Value Of Job Satisfaction

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Job Satisfaction
Job satisfaction is considered as an important motivator. Studies have revealed that employees’ attitudes and feelings towards their jobs and/or job experiences have been found to have significant effect on their performance. Hawthorne studies conducted by Elton Mayo and his associates states that psychological and social influences were more effective than changes in wages and hours which had been considered as the prime matter of importance for a long period of time by the managers. Job satisfaction is especially important for service industry employees because it is assumed that if employees are satisfied with their job in service industry then only they can satisfy their customers. It is not the customers alone who should
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That is, when a person values a particular facet of a job, his satisfaction is greatly impacted positively, when expectations are met and negatively, when expectations are not met, compared to one who doesn’t value that facet. Job satisfaction or dissatisfaction is a function of perceived relationship between what one expects and obtains from one 's job and how much importance or value he attributes to it (Kemelgor, 1982). According to Lawler (1990), job satisfaction refers to people’s feelings about the rewards they have received on the job. Hsiao and Kohnke (1998) defined job satisfaction as one’s emotional response to a job that results from the person’s expectations of the job and the reality of the job situation. Job satisfaction is defined as an attitude that individuals have about their jobs which results from their perception of the jobs and the degree to which there is a good fit between the individual and the organization.
Employees in flat organization where they have more control of their work and decision making power reports more job satisfaction (Ivancevich et al., 1997, 1980). Spector (1997) described job satisfaction as how people feel about their jobs and different aspects of their jobs. Motivation to perform the job will increase, when people consider their jobs as meaningful and enjoyable. The nature of job satisfaction implies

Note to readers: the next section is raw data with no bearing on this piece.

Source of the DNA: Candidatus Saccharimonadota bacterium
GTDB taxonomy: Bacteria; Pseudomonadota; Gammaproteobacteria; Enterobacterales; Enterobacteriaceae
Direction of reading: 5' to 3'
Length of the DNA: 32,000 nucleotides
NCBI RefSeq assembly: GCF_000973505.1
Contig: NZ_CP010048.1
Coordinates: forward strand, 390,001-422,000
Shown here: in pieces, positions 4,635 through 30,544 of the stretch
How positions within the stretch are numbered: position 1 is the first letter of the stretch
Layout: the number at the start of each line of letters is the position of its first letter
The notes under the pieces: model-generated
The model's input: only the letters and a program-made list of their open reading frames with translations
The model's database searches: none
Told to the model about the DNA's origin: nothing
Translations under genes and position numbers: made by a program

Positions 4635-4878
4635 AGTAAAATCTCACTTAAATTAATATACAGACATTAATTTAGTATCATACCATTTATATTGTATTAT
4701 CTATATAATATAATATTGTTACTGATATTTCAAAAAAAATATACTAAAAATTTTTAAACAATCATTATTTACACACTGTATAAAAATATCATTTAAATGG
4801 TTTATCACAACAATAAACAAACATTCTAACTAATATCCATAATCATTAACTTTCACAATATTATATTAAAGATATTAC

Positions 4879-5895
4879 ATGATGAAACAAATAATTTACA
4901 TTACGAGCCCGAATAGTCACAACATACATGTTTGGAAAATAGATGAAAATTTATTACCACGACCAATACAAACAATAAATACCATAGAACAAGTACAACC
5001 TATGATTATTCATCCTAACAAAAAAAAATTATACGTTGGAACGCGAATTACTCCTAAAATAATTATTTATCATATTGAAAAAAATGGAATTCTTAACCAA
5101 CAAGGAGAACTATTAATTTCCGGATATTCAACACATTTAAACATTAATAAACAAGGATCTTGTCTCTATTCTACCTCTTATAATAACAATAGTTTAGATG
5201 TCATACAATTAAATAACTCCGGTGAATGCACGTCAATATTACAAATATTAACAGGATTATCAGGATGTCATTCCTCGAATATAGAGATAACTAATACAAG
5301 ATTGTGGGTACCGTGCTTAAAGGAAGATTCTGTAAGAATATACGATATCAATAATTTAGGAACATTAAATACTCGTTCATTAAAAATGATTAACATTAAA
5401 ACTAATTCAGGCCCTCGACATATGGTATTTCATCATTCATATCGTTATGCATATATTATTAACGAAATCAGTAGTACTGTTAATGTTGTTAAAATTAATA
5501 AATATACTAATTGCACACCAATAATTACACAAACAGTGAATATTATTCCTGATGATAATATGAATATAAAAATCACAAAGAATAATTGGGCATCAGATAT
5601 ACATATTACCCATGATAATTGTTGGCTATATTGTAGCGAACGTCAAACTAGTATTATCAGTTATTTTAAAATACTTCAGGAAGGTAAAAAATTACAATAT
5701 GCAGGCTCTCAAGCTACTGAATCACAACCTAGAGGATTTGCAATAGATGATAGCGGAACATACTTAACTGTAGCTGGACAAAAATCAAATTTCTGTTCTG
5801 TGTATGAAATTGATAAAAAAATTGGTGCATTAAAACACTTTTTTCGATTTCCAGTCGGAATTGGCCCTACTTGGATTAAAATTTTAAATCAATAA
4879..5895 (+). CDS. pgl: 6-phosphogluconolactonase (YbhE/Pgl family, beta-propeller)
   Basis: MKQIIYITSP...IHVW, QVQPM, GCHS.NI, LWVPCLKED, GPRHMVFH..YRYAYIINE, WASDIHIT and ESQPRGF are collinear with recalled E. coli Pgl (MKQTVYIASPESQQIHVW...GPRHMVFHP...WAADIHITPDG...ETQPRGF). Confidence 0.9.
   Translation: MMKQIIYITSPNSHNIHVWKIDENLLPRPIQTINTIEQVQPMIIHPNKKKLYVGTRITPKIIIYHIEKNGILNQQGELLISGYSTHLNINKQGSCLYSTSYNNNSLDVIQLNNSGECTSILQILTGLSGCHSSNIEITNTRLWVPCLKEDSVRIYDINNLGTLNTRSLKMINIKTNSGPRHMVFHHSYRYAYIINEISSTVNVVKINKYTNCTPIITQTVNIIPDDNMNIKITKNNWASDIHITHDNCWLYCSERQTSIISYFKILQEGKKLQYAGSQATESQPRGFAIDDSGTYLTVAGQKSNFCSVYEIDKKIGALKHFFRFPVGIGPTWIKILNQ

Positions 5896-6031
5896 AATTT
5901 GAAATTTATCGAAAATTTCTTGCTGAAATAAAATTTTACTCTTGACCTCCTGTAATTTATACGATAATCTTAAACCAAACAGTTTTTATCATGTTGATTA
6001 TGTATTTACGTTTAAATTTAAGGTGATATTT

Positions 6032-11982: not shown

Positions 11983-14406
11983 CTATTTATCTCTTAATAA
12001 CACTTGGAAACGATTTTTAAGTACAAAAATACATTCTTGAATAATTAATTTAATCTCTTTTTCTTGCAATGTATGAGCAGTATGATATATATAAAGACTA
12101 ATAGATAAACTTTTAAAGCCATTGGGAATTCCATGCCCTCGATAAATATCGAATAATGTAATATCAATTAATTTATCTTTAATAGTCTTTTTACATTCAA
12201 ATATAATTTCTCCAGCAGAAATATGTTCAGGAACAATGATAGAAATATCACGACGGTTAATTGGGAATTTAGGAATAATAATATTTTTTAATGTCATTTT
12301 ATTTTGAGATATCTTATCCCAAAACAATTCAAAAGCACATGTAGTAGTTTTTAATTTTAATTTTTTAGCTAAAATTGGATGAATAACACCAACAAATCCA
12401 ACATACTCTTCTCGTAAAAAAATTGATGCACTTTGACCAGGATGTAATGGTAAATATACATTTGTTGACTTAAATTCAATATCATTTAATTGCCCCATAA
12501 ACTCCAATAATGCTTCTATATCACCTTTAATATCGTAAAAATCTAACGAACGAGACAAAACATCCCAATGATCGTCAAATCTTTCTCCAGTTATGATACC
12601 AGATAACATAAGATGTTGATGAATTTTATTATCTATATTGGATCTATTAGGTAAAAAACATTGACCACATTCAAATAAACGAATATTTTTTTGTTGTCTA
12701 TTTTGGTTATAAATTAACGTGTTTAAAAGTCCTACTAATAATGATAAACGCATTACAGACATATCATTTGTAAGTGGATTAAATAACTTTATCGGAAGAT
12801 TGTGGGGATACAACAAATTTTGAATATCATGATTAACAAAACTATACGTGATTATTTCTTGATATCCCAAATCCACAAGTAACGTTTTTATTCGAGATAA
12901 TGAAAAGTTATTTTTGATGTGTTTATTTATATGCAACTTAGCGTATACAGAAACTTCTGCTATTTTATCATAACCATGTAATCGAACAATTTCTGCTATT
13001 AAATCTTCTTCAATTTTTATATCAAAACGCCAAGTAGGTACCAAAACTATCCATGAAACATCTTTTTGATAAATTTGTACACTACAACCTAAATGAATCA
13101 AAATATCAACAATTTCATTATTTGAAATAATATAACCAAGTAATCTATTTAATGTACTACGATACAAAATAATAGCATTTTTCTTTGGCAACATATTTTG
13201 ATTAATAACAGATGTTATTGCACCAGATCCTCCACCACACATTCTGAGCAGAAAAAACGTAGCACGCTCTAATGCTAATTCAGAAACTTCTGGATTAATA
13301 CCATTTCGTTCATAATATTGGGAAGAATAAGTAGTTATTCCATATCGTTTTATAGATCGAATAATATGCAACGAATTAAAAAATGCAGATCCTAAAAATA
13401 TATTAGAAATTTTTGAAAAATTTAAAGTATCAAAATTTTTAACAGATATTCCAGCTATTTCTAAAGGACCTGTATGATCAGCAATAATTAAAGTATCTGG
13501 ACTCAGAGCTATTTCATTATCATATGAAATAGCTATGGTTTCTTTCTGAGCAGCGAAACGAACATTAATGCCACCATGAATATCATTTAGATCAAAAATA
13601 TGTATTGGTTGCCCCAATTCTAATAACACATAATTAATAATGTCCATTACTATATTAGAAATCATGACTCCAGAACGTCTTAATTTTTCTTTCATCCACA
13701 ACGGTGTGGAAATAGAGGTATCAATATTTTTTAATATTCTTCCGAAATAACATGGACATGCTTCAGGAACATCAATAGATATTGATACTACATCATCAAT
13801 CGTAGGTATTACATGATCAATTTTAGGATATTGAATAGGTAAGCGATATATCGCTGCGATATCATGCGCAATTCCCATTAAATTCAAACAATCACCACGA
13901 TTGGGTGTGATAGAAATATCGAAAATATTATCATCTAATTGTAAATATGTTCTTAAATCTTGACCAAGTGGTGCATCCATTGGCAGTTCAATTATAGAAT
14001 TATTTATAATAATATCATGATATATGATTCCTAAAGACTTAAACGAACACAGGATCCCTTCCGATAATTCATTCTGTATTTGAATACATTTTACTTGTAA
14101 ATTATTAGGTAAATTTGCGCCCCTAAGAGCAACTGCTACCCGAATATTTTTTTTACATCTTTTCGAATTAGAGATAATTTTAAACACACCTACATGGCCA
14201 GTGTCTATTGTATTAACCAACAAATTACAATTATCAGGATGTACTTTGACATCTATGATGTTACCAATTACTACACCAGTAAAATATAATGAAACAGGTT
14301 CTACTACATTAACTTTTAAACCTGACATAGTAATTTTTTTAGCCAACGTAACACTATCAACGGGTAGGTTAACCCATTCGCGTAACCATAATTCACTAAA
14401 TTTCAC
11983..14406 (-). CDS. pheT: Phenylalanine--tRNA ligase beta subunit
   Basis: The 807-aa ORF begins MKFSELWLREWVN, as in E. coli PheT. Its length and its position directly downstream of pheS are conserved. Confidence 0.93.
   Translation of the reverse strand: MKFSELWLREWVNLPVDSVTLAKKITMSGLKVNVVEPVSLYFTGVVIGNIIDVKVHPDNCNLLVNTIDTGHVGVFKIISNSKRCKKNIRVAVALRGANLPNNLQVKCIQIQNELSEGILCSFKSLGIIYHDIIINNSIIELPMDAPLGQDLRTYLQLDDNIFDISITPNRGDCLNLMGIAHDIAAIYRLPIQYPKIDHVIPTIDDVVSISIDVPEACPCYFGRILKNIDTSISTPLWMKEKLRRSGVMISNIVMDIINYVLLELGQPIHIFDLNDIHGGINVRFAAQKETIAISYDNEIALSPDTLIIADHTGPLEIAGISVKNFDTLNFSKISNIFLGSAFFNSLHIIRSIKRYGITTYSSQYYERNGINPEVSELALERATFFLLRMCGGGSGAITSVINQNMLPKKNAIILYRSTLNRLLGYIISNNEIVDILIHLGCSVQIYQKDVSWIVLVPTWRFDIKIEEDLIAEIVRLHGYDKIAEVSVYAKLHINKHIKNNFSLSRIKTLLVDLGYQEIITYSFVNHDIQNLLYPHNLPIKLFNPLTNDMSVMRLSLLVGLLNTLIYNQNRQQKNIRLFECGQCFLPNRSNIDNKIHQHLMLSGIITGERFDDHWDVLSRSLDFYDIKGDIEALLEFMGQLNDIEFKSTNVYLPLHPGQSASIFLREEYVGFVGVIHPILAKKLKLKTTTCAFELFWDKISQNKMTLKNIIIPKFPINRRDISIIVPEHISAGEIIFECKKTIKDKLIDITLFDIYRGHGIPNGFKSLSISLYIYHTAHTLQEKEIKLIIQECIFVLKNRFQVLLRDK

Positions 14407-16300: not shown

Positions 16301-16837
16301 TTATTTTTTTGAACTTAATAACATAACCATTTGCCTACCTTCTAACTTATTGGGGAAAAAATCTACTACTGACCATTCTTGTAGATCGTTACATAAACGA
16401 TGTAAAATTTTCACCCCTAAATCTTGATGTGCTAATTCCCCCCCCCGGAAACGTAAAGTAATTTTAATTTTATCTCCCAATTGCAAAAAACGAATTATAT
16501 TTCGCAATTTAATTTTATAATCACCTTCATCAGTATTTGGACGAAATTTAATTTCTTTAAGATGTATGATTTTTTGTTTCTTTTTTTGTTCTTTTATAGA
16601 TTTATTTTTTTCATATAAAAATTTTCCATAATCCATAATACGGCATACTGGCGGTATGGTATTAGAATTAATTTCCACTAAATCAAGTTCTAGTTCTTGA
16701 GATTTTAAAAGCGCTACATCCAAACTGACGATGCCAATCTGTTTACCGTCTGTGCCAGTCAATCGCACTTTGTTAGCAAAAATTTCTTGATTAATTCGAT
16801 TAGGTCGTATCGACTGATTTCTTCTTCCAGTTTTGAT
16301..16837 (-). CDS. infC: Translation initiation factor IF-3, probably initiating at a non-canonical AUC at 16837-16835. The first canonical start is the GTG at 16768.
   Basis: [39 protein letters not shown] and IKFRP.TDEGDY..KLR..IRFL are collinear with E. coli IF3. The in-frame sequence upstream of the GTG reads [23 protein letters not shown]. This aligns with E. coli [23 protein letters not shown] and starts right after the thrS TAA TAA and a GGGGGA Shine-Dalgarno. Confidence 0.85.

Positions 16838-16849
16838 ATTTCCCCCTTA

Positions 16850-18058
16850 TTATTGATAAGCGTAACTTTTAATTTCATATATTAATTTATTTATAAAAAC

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Intrinsic sources of job satisfaction come from within the employee and lasts longer than the extrinsic sources (Atchison, 1999). Personality is an important determinant of how people think or feel about their job. An individual’s personality influences the extent to which thoughts about the job are positive or negative (George and Brief, 1992). Individuals with a positive inclination towards life would have a positive attitude towards their job as well. But Spector (1997) argues that most research on the personality-job satisfaction relationship has not given a theoretical explanation when they insist that the correlation exists.
Martinez-Ponz (1990) found that intrinsic rewards were more effective in increasing job satisfaction and commitment than providing the employee with financial incentives. Tatsapaugh (1994) identified that lack of opportunity for advancement on the job is a factor which tempts an employee to quit the job. Studies showed that opportunity for advancement does not increase job satisfaction but some findings suggest that poor opportunity for advancement is related to job dissatisfaction (Levinson, Fetchkan and Hohenshil, 1988). Interesting work, open communications, and opportunities for advancement where marked as the top priorities in a study conducted by Cappelli (2000)

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